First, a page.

To independently test the predictive power of the motif in identifying unknown exported proteins, we investigated whether a hypothetical protein in the MAST output (fig. S1A) contained a functional export signal. We selected a protein (PFE1615c) expressed during blood stage infection (as determined by transcriptome analysis) (20, 21) with no National Center for Biotechnology Information (NCBI) homologs or Pfam pattern recognized in silico. Furthermore, it is only present in the second MAST output and not in the first (fig. S1A). Although still included in the matrix, its motif (THSRILKQLEF) differs from that of PfHRPII (LNKRLLHETQA) (and all of the initial experimental data set). PFE1615c contains a vacuolar translocation signal (Fig. 2Ca) that can export GFP to the erythrocyte, but this export is blocked by replacement of RILKQLE in its motif with LNAKALA (Fig. 2Cb). Thus, the motif provides a vacuolar export signal in unknown proteins, shows high predictive value in identifying hitherto unknown parasite proteins exported to the erythrocyte, and is conserved across parasite species (fig. S4) (22).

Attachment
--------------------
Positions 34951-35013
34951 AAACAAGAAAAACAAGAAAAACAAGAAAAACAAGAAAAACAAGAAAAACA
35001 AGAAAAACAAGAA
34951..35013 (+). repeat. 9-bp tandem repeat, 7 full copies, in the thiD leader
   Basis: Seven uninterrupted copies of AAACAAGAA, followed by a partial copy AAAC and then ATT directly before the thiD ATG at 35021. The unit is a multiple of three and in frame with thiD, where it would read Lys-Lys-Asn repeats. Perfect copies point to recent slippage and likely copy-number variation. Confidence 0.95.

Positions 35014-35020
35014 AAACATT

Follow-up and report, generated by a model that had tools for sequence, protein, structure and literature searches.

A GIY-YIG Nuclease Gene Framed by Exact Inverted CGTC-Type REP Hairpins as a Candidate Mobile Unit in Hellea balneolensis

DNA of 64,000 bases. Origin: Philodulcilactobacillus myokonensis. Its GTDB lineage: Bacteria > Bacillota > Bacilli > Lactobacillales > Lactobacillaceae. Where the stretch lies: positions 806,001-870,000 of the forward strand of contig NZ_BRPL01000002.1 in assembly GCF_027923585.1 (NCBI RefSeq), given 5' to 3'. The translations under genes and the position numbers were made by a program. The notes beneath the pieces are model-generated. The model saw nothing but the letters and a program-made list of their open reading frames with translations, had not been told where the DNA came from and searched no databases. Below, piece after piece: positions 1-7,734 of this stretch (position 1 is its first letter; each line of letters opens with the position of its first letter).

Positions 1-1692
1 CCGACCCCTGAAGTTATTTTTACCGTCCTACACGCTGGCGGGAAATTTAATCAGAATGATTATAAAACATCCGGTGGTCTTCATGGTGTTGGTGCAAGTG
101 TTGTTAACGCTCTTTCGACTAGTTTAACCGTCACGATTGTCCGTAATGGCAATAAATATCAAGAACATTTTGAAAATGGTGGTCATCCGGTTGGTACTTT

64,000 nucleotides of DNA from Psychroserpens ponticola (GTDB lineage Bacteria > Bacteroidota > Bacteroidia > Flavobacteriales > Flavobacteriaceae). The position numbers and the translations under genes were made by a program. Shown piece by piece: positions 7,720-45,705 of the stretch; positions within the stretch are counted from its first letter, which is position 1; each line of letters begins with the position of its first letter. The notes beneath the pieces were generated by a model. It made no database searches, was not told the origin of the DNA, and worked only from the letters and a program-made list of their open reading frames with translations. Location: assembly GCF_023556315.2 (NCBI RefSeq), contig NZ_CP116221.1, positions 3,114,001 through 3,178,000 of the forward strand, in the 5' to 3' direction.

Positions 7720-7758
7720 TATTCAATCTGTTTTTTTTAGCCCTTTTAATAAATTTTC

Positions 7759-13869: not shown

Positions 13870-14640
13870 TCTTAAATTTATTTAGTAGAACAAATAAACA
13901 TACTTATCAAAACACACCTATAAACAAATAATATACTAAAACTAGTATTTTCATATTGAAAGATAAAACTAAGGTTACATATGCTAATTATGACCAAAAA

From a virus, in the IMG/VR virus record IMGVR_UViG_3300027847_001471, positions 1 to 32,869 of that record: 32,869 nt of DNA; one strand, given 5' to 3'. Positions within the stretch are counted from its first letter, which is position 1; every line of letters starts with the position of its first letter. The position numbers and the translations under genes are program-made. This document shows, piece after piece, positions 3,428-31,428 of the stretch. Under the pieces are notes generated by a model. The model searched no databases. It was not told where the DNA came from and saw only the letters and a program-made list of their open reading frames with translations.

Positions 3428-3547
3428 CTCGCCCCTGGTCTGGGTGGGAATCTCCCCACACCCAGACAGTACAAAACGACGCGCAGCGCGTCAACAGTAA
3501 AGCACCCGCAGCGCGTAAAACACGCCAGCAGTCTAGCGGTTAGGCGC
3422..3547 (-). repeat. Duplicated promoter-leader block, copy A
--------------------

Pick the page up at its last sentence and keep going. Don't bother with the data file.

Arguably, the most important of known parasite protein families exported to the erythrocyte is the PfEMP1 family (1). However, PfEMP1s lack a leader SS and are presumably recruited into the parasite secretory pathway by means of an internal SS that serves as membrane anchor for these type I membrane proteins (23). Thus, PfEMP1s were not included in our initial database subjected to MAST (fig. S1 series). We therefore investigated the presence of the MEME motif in a data set that contained P. falciparum proteins that lack a predicted N-terminal ER-type SS (fig. S2). Three predicted PfEMP1 sequences containing QFFRWFSEWSE or IGKRVHAQVQN were detected in the MAST (fig. S2A). IGKRVHAQVQN was present in only two proteins, whereas QFFRWFSEWSE is a highly conserved sequence in all PfEMP1s (Fig. 3A and fig. S2B). We reasoned that an export motif should be preserved in the family. Unfortunately, because of their size, full-length PfEMP1s cannot be cloned and expressed as transgenes. Nonetheless, we successfully synthesized a “minitransgene” containing the motif that is present in full-length PfEMP1s beyond amino acid 200 but before the cysteine-rich interdomain region α (Fig. 3, A and B). The synthetic PfEMP1 also contained the conserved transmembrane and C-terminal cytoplasmic domains (amino acids 1521 to 2042 of P. falciparum PfEMP1, NCBI accession number AAB09769.1), but most of the PfEMP1 adhesive domains were replaced by GFP (Fig. 3B). Expression of this transgene resulted in the export of green fluorescence primarily to “spots” (possibly reflecting clefts) in the erythrocyte (Fig. 3Ca). When FFRWFSEWS in the motif was replaced by AASTDIAST (Fig. 3Cb) or the N-terminal fragment was deleted (Fig. 3Cc), green fluorescence remained with the parasite. This provides the first identification of a conserved sequence in the virulence membrane protein PfEMP1 that can signal protein export to the erythrocyte. This is likely to occur without exporting the membrane protein into the erythrocyte cytosol. Although the exact step of vacuolar export catalyzed by the signal in transmembrane proteins is not yet delineated, the motif clearly provides a host/erythrocyte-targeting signal in PfEMP1 transport. The experimentally validated PfEMP1 signal QFFRWFSEWSE can be incorporated into the MEME and MAST analysis in fig. S1A to optimize the plasmodial host–targeting (PlasmoHT) pattern (22).